" “Towards a Common Origin of Quantum Mechanics and Spacetime”" by Nima Arkani-Hamed (Institute for Advanced Study)

Thursday, March 10, 2016 - 4:00pm to 5:00pm
Physics and Astronomy Colloquium

Thursdays, 4:00-5:00 pm

1-434 Physics and Astronomy (map)
Reception from 3:30-4:00 p.m.
(unless otherwise posted)

Guest Speaker: Nima Arkani-Hamed (Institute for Advanced Study)

Talk Title:  “Towards a Common Origin of Quantum Mechanics and Spacetime”


Space-time and Quantum Mechanics are the pillars of our modern understanding of fundamental physics. But there are storm clouds on the horizon, indicating that these principles are approximate, and must be replaced with something deeper.

The union of quantum mechanics and gravity strongly suggests that “space-time is doomed", and there are related indications of fundamental limitations to quantum mechanics in both the early and late universe.

In this talk I will review these paradoxes and describe tentative hints pointing to a new picture, where space-time and quantum mechanics will be seen to emerge hand-in-hand from more primitive principles. The study of scattering amplitudes in gauge theories and gravity gives us a theoretical playground where these questions can be sharply posed.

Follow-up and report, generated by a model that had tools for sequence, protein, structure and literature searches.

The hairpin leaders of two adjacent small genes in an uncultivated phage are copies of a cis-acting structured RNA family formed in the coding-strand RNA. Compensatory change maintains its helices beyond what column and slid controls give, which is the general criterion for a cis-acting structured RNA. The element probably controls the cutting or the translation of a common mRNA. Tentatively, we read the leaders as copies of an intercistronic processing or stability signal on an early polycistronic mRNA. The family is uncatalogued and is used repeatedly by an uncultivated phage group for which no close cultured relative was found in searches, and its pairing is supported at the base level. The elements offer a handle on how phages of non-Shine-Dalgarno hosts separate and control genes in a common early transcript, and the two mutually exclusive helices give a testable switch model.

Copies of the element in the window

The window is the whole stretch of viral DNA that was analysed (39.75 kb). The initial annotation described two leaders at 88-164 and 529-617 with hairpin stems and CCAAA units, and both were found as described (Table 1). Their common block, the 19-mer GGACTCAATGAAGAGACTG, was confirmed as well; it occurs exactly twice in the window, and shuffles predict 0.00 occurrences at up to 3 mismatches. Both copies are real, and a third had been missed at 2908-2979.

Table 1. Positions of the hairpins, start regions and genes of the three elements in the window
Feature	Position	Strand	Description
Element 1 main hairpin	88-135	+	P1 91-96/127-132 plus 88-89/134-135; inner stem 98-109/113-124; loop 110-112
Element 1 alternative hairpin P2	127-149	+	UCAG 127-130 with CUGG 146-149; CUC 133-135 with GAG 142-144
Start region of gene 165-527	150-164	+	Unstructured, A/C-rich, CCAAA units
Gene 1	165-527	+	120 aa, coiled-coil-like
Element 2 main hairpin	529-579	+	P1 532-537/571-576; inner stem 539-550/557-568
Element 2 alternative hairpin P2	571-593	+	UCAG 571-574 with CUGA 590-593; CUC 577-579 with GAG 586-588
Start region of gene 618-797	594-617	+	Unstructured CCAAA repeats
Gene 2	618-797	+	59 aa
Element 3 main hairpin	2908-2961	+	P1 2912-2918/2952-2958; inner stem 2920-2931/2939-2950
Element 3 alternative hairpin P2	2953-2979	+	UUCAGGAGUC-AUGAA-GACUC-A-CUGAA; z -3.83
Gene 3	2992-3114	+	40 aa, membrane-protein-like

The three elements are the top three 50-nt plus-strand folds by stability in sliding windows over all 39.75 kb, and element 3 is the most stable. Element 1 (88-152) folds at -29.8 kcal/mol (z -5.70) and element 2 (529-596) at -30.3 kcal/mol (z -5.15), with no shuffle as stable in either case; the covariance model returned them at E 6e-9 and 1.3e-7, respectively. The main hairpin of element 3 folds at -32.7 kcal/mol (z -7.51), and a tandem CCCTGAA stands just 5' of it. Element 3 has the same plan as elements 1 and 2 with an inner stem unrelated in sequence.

I will describe a new formulation of maximally supersymmetric gauge theory scattering amplitudes, not following from quantum evolution in space-time, but associated with simple new mathematical structures in "positive geometry". In this example we can concretely see how the usual rules of space-time and quantum mechanics arise, joined at the hip, from fundamentally geometric and combinatorial origins.

For more information, contact Jay Hauser

We thank the following people for their contributions to the wine fund for the post-colloquium reception:
Prof. Dolores Bozovic, Prof. Mike Cornwall, Prof. Bob Cousins, Prof. Andrea Ghez, Prof. Karoly Holczer, Prof. Eric Hudson, Robert Huff, Prof. Alex Kusenko, Prof. Myank Mehta, Prof. John Miao, Prof. Roberto Peccei, Prof. Claudio Pellegrini, Prof. David Saltzberg, Prof. Jean Turner and Prof. Ben Zuckerman.

1-434 PAB